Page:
A Dangerous Crossing by Rachel Rhys #review @doubledayuk @MsTamarCohen

“You can’t get away with anything on a ship you know. Someone always finds out.”

So says the glamorous and beautiful Eliza Campbell, one of the first class passengers on board the ocean liner Orontes. It’s 1939 and the Orontes is setting sail for Australia, taking its passengers to a new life and leaving behind the threat of another war in Europe. Among those passengers is Lily Shepherd, trying to leave behind a secret that we get glimpses of throughout the book. On board ship, she quickly makes friends with many of the passengers but her choices don’t all sit easily with other passengers. As the ship makes its five-week voyage towards Australia, Rachel Rhys takes her readers on a completely addictive journey finding out about the passengers, the secrets they are trying to leave behind them and all that happens on the boat and at its various stopping points.

I adored this book and was drawn in from the very intriguing prologue. Who was the mysterious woman being taken off the ship in handcuffs and what had she done? The author has made her book gloriously visual. She paints a vivid picture of the woman leaving the boat: her detailed descriptions made it so easy to visualise the style of the clothing, the searing heat, the excitement of the waiting crowds. She continues this visual style throughout the book evoking the atmosphere and glamour of the era.

I was fascinated by the thought of all these people who wouldn’t normally engage with each other on land, being thrown together in the relatively small confines of the ship. Social and class barriers didn’t seem to matter quite so much, at least not for everyone. It was such an isolated community full of people who would not under normal circumstances associate with each other. The detail of radios being confiscated added to the feeling of a closed off society. The crew did not want the passengers to know if war was declared when they were at sea as it could result in social and political tension, potentially dangerous in such an enclosed environment.

For many of the passengers, travelling to Australia was as much about escaping from their pasts as beginning a new life. “On a boat like this….. everyone is running away from something.”  Lily began to wonder if she had been too trusting of her fellow travellers: “It hasn’t occurred to Lily not to take her fellow passengers at face value.” As everyone’s secrets began to be exposed and the story neared its conclusion there was an almost unbearable sense of tension as I wondered what was going to happen and when the mysterious woman from the prologue would be revealed along with whatever she had done.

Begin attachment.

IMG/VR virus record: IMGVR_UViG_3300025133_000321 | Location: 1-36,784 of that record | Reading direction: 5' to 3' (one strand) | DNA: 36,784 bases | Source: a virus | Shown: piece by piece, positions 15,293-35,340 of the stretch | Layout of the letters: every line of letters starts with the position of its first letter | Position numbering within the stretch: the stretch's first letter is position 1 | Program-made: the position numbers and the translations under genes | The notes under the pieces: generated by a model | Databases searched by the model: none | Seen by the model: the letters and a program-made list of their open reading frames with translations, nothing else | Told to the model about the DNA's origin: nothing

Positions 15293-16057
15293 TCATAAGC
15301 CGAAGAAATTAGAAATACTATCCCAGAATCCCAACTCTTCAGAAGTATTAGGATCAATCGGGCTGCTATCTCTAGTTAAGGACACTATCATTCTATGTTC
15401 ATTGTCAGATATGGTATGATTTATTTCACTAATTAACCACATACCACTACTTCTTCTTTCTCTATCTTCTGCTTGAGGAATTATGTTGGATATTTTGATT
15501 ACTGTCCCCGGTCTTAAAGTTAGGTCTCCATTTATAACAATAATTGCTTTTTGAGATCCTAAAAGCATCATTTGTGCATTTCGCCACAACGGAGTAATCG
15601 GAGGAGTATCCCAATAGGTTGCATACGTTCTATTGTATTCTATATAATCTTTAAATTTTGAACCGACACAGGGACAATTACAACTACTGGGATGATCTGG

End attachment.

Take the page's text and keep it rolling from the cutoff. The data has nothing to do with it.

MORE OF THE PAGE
A Dangerous Crossing is a wonderful book. It’s glamorous, exciting and mysterious and all the more enthralling for knowing that it was inspired by a memoir of a real voyage to Australia in the 1930s. Although I must add that no deaths took place on that voyage to my knowledge!

My thanks to Alison Barrow for sending me a copy of this book. Dangerous Crossing was published by Doubleday yesterday in hardback and as an ebook. The paperback will follow in August. You can order a copy online here

From the back of the book

Sparkling cocktails, poisonous secrets …

1939, Europe on the brink of war. Lily Shepherd leaves England on an ocean liner for Australia, escaping her life of drudgery for new horizons. She is instantly seduced by the world onboard: cocktails, black-tie balls and beautiful sunsets. Suddenly, Lily finds herself mingling with people who would otherwise never give her the time of day.

But soon she realizes her glamorous new friends are not what they seem. The rich and hedonistic Max and Eliza Campbell, mysterious and flirtatious Edward, and fascist George are all running away from tragedy and scandal even greater than her own. 

By the time the ship docks, two passengers are dead, war has been declared, and life will never be the same again.

Spring Cleaning the TBR #guestpost by Bella Osborne author of Willow Cottage @osborne_bella @AvonBooksUK

Willow Cottage - Part Three: A Spring Affair (Willow Cottage Series) by [Osborne, Bella]

I’m very pleased to be joined by Bella Osborne, author of the Willow Cottage series of books. Part three, A Spring Affair, has been published today by Avon UK and is available to download for only 79p by clicking here. Bella has written a guest post about the kind of spring cleaning I think I should be doing too – spring cleaning the to-be-read pile!

Bella Osborne

Part 3 of Willow Cottage is set in springtime and, for some people, spring is about cleaning. In theory this is a great idea but seeing as we have to keep on top of the cleaning throughout the year, otherwise the dust bunnies mount a rebellion, it doesn’t seem like much fun to add on extra chores just because the daffodils are popping up. So instead I decided to have a look at my To Be Read (TBR) pile and decided to give that a dust off instead.

So here is a list of books I’ve been meaning to read for quite some time but for various reasons** just haven’t managed to get to them.

The Bridges Of Madison County by [Waller, Robert James]